apatite

apatite

[ap-uh-tahyt]
apatite, mineral, a phosphate of calcium containing chlorine or fluorine, or both, that is transparent to opaque in shades of green, brown, yellow, white, red, and purple. Apatite is a minor constituent in igneous and metamorphic rocks. Yellow-green asparagus stone and blue-green manganapatite are used in jewelry. Apatite is mined to make phosphatic fertilizers and is used in fission track dating of rocks (see dating). Commercial deposits are mined in Idaho, Tennessee, and Wyoming, and in N Africa and Russia.

A member of the phosphate group of minerals, the world's major source of phosphorus, found as variously coloured, glassy crystals, masses, or nodules. Much of it has a chemical composition approximating Ca5(PO4)3(F,Cl,OH). If not for its softness, apatite would be a popular gemstone; some of the material found is clear, but it is fragile and difficult to cut and polish.

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Apatite is a group of phosphate minerals, usually referring to hydroxylapatite, fluorapatite, and chlorapatite, named for high concentrations of OH, F, or Cl ions, respectively, in the crystal. The formula of the admixture of the three most common endmembers is written as Ca5(PO4)3(OH, F, Cl), and the formulae of the individual minerals are written as Ca5(PO4)3(OH), Ca5(PO4)3F and Ca5(PO4)3Cl, respectively.

Apatite is one of few minerals that are produced and used by biological micro-environmental systems. Apatite has a Moh's Scale hardness of 5. Hydroxylapatite is the major component of tooth enamel. A relatively rare form of apatite in which most of the OH groups are absent and containing many carbonate and acid phosphate substitutions is a large component of bone material.

Fluorapatite (or fluoroapatite) is more resistant to acid attack than is hydroxyapatite. For this reason, toothpaste typically contain a source of fluoride anions (e.g. sodium fluoride, sodium monofluorophosphate). Similarly, fluoridated water allows exchange in the teeth of fluoride ions for hydroxyl groups in apatite. Too much fluoride results in dental fluorosis and/or skeletal fluorosis.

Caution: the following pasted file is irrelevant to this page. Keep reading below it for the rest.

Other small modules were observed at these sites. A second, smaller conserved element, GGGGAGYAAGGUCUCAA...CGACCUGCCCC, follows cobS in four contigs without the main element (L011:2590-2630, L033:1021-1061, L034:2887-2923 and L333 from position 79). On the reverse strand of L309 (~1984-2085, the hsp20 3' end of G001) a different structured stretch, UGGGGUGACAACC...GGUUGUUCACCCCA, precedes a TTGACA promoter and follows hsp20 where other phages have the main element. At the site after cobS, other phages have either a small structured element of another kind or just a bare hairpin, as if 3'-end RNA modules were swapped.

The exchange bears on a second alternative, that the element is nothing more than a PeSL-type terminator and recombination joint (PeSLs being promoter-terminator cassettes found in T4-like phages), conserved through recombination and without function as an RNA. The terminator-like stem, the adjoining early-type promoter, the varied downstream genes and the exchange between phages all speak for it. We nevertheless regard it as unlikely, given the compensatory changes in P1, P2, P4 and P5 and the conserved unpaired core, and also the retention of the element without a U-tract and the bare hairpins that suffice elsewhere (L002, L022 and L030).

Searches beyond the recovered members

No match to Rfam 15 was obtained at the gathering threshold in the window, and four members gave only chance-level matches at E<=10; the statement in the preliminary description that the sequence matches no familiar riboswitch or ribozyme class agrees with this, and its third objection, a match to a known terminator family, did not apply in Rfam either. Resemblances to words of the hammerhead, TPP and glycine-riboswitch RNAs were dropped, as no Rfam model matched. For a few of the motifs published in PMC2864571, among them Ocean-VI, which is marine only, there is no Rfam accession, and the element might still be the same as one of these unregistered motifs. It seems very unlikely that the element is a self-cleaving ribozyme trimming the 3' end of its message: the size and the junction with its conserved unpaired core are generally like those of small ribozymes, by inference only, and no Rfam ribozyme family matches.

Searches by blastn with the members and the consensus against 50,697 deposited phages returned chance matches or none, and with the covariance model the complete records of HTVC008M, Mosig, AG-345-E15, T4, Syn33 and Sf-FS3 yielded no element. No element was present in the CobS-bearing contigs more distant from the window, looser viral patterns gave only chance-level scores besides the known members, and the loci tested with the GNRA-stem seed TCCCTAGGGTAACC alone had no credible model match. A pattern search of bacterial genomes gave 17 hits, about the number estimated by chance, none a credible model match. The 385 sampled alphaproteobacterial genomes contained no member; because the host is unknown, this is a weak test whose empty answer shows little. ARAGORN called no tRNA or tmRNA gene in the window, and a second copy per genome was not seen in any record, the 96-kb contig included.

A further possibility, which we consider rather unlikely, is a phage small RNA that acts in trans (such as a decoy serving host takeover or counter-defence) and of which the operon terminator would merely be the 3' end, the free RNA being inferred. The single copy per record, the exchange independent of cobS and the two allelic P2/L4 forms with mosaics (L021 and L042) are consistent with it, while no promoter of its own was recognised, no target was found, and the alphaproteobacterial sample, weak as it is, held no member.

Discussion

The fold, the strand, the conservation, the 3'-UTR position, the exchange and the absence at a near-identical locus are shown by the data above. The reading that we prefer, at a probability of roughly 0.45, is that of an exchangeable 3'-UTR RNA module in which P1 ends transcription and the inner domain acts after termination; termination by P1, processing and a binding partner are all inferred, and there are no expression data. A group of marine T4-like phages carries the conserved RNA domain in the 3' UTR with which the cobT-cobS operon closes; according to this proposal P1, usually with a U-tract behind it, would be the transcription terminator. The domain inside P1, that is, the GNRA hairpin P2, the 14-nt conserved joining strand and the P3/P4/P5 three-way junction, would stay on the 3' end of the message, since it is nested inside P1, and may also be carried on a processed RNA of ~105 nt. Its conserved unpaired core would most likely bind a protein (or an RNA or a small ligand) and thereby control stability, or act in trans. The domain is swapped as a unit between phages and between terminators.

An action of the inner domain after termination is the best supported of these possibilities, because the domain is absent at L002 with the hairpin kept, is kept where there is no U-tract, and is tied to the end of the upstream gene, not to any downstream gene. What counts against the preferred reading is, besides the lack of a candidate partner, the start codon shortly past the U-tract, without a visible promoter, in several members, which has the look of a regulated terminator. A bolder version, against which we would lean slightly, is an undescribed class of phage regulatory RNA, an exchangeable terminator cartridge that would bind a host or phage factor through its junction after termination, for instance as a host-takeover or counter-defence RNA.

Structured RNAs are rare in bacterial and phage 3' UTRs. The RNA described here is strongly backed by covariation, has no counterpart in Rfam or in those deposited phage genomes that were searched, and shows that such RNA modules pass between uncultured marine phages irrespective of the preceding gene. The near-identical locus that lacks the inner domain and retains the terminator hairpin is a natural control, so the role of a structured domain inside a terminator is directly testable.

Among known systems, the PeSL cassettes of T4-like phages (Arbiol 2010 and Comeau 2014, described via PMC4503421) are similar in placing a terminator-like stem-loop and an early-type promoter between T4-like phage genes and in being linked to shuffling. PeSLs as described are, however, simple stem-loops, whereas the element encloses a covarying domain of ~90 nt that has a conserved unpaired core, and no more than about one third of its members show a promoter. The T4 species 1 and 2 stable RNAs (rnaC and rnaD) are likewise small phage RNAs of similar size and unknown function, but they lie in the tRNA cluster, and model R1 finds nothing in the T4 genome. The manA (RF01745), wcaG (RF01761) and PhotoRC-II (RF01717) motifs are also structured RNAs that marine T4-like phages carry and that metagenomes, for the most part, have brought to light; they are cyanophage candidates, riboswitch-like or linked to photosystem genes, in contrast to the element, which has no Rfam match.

In the United States, apatite is often used to fertilize tobacco. It partially starves the plant of nitrogen, which gives American cigarettes a different taste from those of other countries.

Fission tracks in apatite are commonly used to determine the thermal history of orogenic (mountain) belts and of sediments in sedimentary basins. (U-Th)/He dating of apatite is also well-established for use in determining thermal histories and other, less typical applications such as paleo-wildfire dating.

Phosphorite is a phosphate-rich sedimentary rock, that contains between 18% and 40% P2O5. The apatite in phosphorite is present as cryptocrystalline masses referred to as collophane.

Uses

Fluoro-Chloro Apatite forms the basis of the, now obsolete, Halophosphor fluorescent tube phosphor system. Dopant elements of Manganese and Antimony, at less than one mole-percent, in place of the Calcium and Phosphorus impart the fluorescence, and adjustment of the Fluorine to Chlorine ratio adjusts the shade of white produced. Now almost entirely replaced by the Tri-Phosphor system. The primary use of apatite is in the manufacture of fertilizer - it is a source of phosphorus. It is occasionally used as a gemstone.

Gemology

Apatite is infrequently used as a gemstone. Transparent stones of clean color have been faceted, and chatoyant specimens have been cabochon cut. Chatoyant stones are known as cat's-eye apatite, transparent green stones are known as asparagus stone, and blue stones have been called moroxite. Crystals of rutile may have grown in the crystal of apatite so when in the right light, the cut stone displays a cat's eye effect. Major sources for gem apatite are Brazil, Burma, and Mexico. Other sources include Canada, Czechoslovakia, Germany, India, Madagascar, Mozambique, Norway, South Africa, Spain, Sri Lanka, and the US.

Use as an ore mineral

Apatite is occasionally found to contain significant amounts of rare earth elements and can be used as an ore for those metals . This is preferable to traditional rare earth ores, as Apatite is non-radioactive and does not pose an environmental hazard in mine tailings. Apatite is an ore mineral at the Hoidas Lake rare earth project.

See also

References

Further reading

  • Schmittner Karl-Erich and Giresse Pierre, 1999. Micro-environmental controls on biomineralization: superficial processes of apatite and calcite precipitation in Quaternary soils, Roussillon, France. Sedimentology 46/3: 463-476.

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